Are you interested in knowing about the pioneering Rylo 360 camera? Find out about the main features, performance, pros, and cons in the Rylo 360 Camera review.
Our Review of the Rylo 360 Camera
The Rylo 360 is capable of shooting 360 videos and converting them into the traditional format. However, the camera will need a better resolution for clear videos.
360 cameras can record the world around you with dual lenses. The Rylo 360 takes it a step further by making 16:9 conventional format videos from 360 videos. The camera boasts features like exceptional stabilization, subject tracking, and smooth panning. Although it is quite versatile, the low resolution is a key drawback. The resultant videos are a bit hazy, and defects are visible.
- Good app
- Can swap battery
- Automatic image stabilization
- Cable is required to transfer file to the phone
- Less editing options
- Finished video, not the best looking
You can export the video in portrait or landscape mode at 1K. Depending on how you hold the phone, the app will decide for you. With landscape mode, your videos will suit the wide-format YouTube. With portrait mode, your videos are better for Instagram Stories. You can also export videos in a square format. If you are willing to display your video in 360 mode, the software will first stitch and export the clip in the equirectangular form at 4K resolution, which you may upload on Facebook or YouTube.
The screen with which you are viewing the clip has a strong bearing on the video quality. On the iPhone 8 Plus, the video may look rather immaculate. But flaws come to light when you see the video in the higher resolution display of the 27 inch iMac.
The Rylo produces videos at 1080p resolution with a compression rate of 24 Mbps. However, visual defects are apparent. The video is overall rather blurred. These videos won’t look sharp on larger screens.
Camera stabilization is very good. This is something that Rylo has strongly promoted. Hence you get steady-looking videos. While other cameras struggle to record videos in tough environments, the Rylo fares well and generates jerk-free videos.
Stitching is decent most of the time, although you will notice the occasional seam. This happens when the subject is at the side of the lens. This can also happen due to mixed lighting. So when you record the sunset, the lens facing the sun will have more exposure, while the lens not facing the sun will show a different exposure. Despite this, the Rylo is ahead of other cameras on average in terms of results for mixed lighting.
Video playback is fixed at 30 frames per second. Therefore, you cannot play at the cinematic 24 fps, and you cannot bump up the speed to 60 fps.
If you choose the 360 video setting from the app, the bit rate will go up to 90 Mbps. The quality of videos is similar to its contemporaries. When the subject is close to the lens, you have sharp results. When distant, the subject looks fuzzy.
The app converts the video format to the conventional 16:9. The app can crop the 360 videos to square format.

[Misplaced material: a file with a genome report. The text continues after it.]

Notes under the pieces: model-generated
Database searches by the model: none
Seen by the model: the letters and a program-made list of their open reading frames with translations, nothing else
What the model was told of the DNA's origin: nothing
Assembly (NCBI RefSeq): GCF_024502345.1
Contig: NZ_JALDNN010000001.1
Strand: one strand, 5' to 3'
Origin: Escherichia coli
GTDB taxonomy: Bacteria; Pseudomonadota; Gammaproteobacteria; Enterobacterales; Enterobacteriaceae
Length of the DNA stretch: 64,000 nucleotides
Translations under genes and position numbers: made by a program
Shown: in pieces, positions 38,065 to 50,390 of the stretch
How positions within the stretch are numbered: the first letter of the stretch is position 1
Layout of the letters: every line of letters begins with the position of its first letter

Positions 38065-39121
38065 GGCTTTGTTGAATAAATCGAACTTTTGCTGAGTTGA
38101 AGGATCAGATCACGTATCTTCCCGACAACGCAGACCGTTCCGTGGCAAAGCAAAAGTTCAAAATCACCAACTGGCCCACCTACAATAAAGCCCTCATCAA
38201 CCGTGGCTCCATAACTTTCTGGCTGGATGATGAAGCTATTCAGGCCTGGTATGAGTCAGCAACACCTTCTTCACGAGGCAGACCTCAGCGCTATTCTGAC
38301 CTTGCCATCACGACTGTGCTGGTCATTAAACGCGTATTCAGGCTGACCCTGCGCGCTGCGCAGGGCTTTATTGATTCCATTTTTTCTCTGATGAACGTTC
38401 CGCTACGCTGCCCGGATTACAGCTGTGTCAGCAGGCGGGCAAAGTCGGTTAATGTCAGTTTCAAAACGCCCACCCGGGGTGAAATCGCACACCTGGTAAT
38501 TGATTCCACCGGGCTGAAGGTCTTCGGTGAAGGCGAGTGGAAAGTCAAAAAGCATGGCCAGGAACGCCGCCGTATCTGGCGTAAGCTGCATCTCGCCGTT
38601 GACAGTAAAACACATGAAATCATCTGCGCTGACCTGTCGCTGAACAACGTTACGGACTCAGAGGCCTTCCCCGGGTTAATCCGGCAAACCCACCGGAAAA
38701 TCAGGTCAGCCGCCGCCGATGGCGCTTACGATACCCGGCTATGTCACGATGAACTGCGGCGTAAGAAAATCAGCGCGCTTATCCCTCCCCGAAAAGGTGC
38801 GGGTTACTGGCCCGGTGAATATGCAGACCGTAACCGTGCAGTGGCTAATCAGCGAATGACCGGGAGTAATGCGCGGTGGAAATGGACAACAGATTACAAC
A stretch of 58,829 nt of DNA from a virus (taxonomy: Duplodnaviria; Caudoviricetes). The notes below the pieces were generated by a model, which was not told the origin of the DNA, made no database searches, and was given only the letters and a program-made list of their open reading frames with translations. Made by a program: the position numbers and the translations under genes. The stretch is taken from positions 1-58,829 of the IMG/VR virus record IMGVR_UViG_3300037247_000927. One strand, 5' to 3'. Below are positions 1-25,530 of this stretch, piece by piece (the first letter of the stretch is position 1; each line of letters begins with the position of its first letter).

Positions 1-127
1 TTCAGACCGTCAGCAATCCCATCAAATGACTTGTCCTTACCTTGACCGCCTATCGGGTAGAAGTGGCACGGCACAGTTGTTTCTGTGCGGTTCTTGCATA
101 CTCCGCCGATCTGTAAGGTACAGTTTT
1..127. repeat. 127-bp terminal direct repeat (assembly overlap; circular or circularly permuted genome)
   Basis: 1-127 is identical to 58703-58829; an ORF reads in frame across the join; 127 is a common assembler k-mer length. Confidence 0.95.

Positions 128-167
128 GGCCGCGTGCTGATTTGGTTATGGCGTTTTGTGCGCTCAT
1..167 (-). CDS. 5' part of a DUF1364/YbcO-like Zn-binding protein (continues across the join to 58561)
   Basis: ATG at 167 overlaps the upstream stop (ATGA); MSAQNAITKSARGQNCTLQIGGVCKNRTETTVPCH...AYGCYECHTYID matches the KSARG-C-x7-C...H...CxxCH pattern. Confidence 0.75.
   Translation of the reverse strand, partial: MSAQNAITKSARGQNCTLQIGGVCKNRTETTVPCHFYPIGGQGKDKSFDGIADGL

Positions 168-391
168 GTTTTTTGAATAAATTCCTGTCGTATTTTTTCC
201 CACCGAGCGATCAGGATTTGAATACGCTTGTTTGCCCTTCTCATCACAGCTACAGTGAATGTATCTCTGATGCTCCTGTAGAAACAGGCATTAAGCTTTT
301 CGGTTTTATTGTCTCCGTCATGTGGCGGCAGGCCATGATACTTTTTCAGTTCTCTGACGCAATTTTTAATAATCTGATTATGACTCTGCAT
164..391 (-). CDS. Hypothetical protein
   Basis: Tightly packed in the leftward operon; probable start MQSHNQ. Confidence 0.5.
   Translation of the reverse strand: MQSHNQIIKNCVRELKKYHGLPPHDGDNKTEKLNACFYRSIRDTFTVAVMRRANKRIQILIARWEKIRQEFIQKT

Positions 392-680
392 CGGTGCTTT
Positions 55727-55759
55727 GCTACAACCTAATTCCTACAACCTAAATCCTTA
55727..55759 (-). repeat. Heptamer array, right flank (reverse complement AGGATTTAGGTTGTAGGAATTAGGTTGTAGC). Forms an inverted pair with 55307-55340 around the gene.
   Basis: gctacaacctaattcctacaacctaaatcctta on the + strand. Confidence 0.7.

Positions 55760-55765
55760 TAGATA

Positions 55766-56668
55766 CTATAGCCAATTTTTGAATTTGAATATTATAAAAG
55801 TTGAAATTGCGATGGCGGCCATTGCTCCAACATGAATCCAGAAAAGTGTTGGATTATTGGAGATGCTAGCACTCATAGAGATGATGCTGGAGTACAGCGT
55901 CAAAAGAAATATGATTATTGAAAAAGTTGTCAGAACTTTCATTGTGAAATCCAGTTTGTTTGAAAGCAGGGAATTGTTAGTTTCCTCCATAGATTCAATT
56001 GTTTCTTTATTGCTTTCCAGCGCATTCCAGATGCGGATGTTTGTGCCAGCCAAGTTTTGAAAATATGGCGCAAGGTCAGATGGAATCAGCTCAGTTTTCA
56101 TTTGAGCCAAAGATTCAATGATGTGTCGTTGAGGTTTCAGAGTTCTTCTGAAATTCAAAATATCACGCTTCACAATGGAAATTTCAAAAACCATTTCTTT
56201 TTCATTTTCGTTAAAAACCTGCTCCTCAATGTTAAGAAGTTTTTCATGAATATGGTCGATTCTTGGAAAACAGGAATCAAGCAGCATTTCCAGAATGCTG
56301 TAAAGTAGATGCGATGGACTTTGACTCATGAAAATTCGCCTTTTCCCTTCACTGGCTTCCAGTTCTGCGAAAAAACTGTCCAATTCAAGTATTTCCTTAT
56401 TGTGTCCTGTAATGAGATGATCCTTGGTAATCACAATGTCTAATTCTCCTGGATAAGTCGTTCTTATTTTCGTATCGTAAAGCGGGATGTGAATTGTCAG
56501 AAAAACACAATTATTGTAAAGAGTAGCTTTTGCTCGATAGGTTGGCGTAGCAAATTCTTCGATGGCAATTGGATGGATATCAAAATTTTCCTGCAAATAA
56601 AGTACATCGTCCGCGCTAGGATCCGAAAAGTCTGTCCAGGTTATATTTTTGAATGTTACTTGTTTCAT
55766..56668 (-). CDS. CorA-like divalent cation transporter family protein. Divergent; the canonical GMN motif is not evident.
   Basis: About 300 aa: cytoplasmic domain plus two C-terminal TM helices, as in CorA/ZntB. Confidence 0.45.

The app is intuitive and easy to use. You can easily zoom in and out using pinches and hand gestures.
You don’t have to pan manually. Instead, the app can identify and track the subject. And this automatic tracking is quite smooth. Sometimes, the subject can go out of view, after which you may have to identify it once more. But it works well most of the time.
There are a lot of viewing modes that you can switch to, like the picture-in-picture. You can see all parts of the 360 frame video using the split view mode. The Little Planet view is quite interesting. But you cannot move in or out in the animated way like you do with the Premiere Pro CC editing app in the GoPro Fusion. This would be an interesting effect to add.
There are a few other limitations to the app. First, the editing tools are very barebones and basic. For instance, suppose you are shooting a long clip and intend to delete parts of it later on. Although you can trim parts of the video, you cannot mark multiple points between which the clip can be trimmed. This can create inconvenience during editing.
One plus point, though, is that you can control exposure to some extent. For example, you can modify the exposure, tone, color depth, contrast, shadows, and highlights.
The Rylo 360 is designed to be a standalone device. You don’t have to connect it with a smartphone to operate it. Moreover, you can see the video recording mode on the camera screen itself and other information as well.
The two lenses are placed side by side. Each lens covers a 208-degree viewing field. This means that each lens can cover part of the region behind it. Since there is some overlap in region coverage, it can help keep the seam out most of the time.
The tripod socket is unavailable. However, a mounting cage is available as an accessory. In addition, there is a standard GoPro mount with a short column that can hold the device.
Videos are recorded in the 16 GB microSD card provided in the box. You may charge the removable battery using the micro USB port. The camera lasts an hour on battery power when fully charged.
A big drawback is that you cannot use Wi-Fi. You will have to make do with a cable to transfer footage to your smartphone.
Our Final Thoughts
Although the app is quite slick, videos are not up to par, especially compared to cheaper options like the Samsung Gear 360.
If you want decent video quality together with other advantages, then the cheaper Samsung Gear 360 may be a better choice for you.